These were Ban Ki-moon’s words at the opening of the annual meeting of the UN Permanent Forum on Indigenous Issues (UNPFII) in New York, 16th May 2011. He gave the example of indigenous peoples in Peru who are responding to climate change by reintroducing native potato varieties and so are “helping to conserve the earth’s biodiversity”. “Indigenous peoples have been living a ‘green economy’ for centuries,” he added — economists should look to old practices in indigenous communities for new ways to achieve sustainable development.
When IIED and Hivos launched their ‘provocation’ seminars late last year, they hoped to challenge conventional wisdom and provoke debate on the issues and dilemm
As global leaders look towards another round of climate negotiations in Durban, South Africa this December, the reality is that the poorest and most vulnerable populations in both developed and developing countries are already bearing the costs of climate change.
Climate change negotiators are still meeting this week in Bonn to try and find a way forward on, amongst many other subjects, climate change mitigation, adaptation and finance. Sources of ‘innovative’ finance, such as taxes on international transport, have been proposed. Might these provide a way to break the deadlock on finance and prove to be sources of significant and stable financing to address the impacts of climate change?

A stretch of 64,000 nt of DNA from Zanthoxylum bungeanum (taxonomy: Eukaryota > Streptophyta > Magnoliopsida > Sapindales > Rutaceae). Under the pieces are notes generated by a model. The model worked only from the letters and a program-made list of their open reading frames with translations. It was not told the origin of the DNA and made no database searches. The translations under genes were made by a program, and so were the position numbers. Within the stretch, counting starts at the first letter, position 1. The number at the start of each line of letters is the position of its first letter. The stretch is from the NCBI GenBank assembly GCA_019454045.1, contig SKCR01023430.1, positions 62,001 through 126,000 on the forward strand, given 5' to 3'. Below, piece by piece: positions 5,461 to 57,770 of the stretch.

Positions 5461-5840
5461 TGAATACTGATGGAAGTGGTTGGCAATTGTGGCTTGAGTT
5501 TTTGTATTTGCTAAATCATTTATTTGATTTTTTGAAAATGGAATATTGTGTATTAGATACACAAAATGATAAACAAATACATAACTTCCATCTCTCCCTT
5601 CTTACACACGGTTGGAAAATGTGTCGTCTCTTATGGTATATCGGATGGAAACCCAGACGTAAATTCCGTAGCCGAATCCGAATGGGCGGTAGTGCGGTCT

All sorts of sustainable energy initiatives across the world are providing solutions to local energy problems. But how can these be scaled up to reach billions of people and really tackle the big issues of climate change and energy access for all?
This was the question on everyone’s lips at the Ashden Awards conference last week. And there was a lot to learn from the five international finalists. In a series of films, presentations and discussions each finalist shared their experience of creating new technologies, innovative business models and inspirational marketing initiatives to find solutions that benefit the environment and improve livelihoods. And, despite working against a backdrop of financial limitations and unsupportive policy environments, they are all managing to scale up at a fantastic rate.
To what extent do approaches such as fair trade, corporate social responsibility and inclusive business models allow the private sector to meet commercial objectives while also reducing poverty and empowering small-scale farmers? This was the question posed at the latest in a series of IIED and Hivos ‘provocations’ held at the European Parliament in Brussels last week (22 June).